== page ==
CNBC All-America Economic Survey: CNBC’s Steve Liesman: Americans Support Apple Over Feds in Privacy Debate

Americans support Apple over Feds in privacy debate: Survey

Steve Liesman | @steveliesman

Apple is gaining ground in winning the hearts and minds of the American public in the battle with the federal government over encryption.

A CNBC survey conducted before the Justice Department dropped its court order bid against the tech giant to unlock a terrorist's iPhone found that 57 percent of Americans agreed that privacy concerns trumped the needs of law enforcement in the debate. That was an increase from 53 percent in December's CNBC All-America Economic Survey.

In the latest poll, CNBC surveyed 806 Americans from March 21 though March 23, with the Brussels terror attacks falling in the middle. The margin of error was plus or minus 3.5 percentage points. Results broken down by day showed that the Brussels attack had little effect on the responses. The respondents continued to favor the software companies after the attack, just as they did before.

It's a rare issue where agreement crosses party lines. Democrats favored the software companies 61 percent to 28 percent, with support 10 points higher than it was in December. Republicans favored encryption by 57 percent to 31 percent, with support rising by 4 points.

Apple had been in a pitched battled with the FBI investigation into the San Bernardino terrorist attack. The FBI could not break into an Apple iPhone left behind by one of the terrorists and went to court to force Apple to write code to allow access. But the Justice Department said Monday it was dropping its court order against Apple after it was able to unlock the iPhone used by gunman Syed Rizwan Farook.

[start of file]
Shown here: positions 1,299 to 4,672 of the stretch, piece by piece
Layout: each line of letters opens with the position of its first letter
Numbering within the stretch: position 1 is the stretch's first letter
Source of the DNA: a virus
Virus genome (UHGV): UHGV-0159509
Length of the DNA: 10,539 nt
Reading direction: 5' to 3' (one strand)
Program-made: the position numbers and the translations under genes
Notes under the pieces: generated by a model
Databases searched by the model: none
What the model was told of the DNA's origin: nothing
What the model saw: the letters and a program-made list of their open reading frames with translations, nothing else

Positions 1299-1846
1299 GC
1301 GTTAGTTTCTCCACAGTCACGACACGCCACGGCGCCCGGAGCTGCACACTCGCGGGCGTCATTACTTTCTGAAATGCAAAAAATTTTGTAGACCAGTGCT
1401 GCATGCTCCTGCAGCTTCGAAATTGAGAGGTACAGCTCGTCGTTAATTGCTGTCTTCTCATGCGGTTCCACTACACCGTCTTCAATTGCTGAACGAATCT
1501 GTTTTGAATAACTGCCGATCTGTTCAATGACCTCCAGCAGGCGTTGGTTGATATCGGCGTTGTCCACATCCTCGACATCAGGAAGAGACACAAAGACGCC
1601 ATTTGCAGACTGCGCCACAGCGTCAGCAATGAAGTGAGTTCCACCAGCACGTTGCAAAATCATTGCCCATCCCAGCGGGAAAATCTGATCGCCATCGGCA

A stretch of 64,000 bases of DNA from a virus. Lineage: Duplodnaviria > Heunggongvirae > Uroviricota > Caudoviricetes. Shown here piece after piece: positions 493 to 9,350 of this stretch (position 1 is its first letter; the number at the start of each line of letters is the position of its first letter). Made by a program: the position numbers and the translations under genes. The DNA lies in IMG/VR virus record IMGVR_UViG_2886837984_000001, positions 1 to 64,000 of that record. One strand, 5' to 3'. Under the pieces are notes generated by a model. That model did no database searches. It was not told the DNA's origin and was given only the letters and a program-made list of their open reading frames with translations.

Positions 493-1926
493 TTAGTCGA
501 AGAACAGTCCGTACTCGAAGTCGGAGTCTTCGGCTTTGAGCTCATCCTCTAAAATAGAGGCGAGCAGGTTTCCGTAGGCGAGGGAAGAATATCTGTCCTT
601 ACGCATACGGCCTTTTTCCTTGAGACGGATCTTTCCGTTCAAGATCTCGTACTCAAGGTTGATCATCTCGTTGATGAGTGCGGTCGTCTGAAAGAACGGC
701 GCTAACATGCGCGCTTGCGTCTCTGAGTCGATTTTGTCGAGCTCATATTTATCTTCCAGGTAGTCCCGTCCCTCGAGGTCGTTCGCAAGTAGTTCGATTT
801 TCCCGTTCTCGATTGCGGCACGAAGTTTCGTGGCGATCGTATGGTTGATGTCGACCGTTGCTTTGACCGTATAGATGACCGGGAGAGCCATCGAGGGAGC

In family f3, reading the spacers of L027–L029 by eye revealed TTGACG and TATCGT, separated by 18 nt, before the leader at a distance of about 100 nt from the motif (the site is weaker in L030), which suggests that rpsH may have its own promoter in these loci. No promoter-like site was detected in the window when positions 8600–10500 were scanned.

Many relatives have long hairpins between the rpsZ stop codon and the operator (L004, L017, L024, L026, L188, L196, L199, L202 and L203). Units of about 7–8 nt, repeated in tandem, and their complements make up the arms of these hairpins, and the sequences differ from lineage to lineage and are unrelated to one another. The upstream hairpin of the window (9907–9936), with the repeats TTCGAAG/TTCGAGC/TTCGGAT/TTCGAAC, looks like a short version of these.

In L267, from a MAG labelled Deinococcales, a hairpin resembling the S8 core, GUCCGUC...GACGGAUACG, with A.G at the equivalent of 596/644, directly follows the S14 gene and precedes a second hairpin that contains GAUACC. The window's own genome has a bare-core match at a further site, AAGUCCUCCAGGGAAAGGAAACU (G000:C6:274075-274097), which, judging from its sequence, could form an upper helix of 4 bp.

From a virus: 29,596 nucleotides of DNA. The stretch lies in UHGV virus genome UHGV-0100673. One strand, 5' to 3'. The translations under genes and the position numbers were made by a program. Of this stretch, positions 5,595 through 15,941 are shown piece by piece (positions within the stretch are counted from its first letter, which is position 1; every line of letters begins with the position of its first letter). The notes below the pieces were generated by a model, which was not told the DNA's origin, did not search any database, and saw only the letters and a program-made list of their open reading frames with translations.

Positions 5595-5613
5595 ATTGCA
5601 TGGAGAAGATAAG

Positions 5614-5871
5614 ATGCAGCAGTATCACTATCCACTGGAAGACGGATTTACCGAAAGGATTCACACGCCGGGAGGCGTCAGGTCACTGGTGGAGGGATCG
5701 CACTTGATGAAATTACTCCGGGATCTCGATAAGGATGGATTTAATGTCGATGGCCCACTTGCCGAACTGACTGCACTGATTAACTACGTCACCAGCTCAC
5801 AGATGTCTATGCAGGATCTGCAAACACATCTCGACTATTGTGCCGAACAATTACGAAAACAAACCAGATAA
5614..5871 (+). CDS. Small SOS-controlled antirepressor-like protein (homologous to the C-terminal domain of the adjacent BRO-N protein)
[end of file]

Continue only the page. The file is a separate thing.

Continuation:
CNBC asked a similar question about encryption twice, and in both cases, found support for the software companies. In the first question, CNBC asked simply whether software companies should not sell software and devices with encryption coding that prevents both criminals and law enforcement agencies form reading emails or messages. In that case, the respondents broke 39-23 percent in favor of the software companies. A large 24 percent said they did not know enough to have an opinion. That was down, however, from 35 percent in December, perhaps because the issue has received far more publicity.

In the next question, CNBC asked which of two statements they preferred, one that said companies should sell the software and device with encryption because it protects consumer data from criminals and the government. The second statement said technology companies should not sell the devices because criminals and terrorist organizations could communicate in secret, which would hinder law enforcement.

In that case, the percentage support for the tech companies actually rose, to 57 percent to 28 percent, even though the second statement mentions terrorist organizations. In addition, the percentage who declined to give an opinion fell by 9 points, perhaps because they were informed of the issue from the first question.

One big split in the poll was by education. Those with less than a high school education support the tech companies, 46 percent to 35 percent. Those with post-graduate educations support the tech companies 70 percent to 20 percent, a big jump in support from the December survey.

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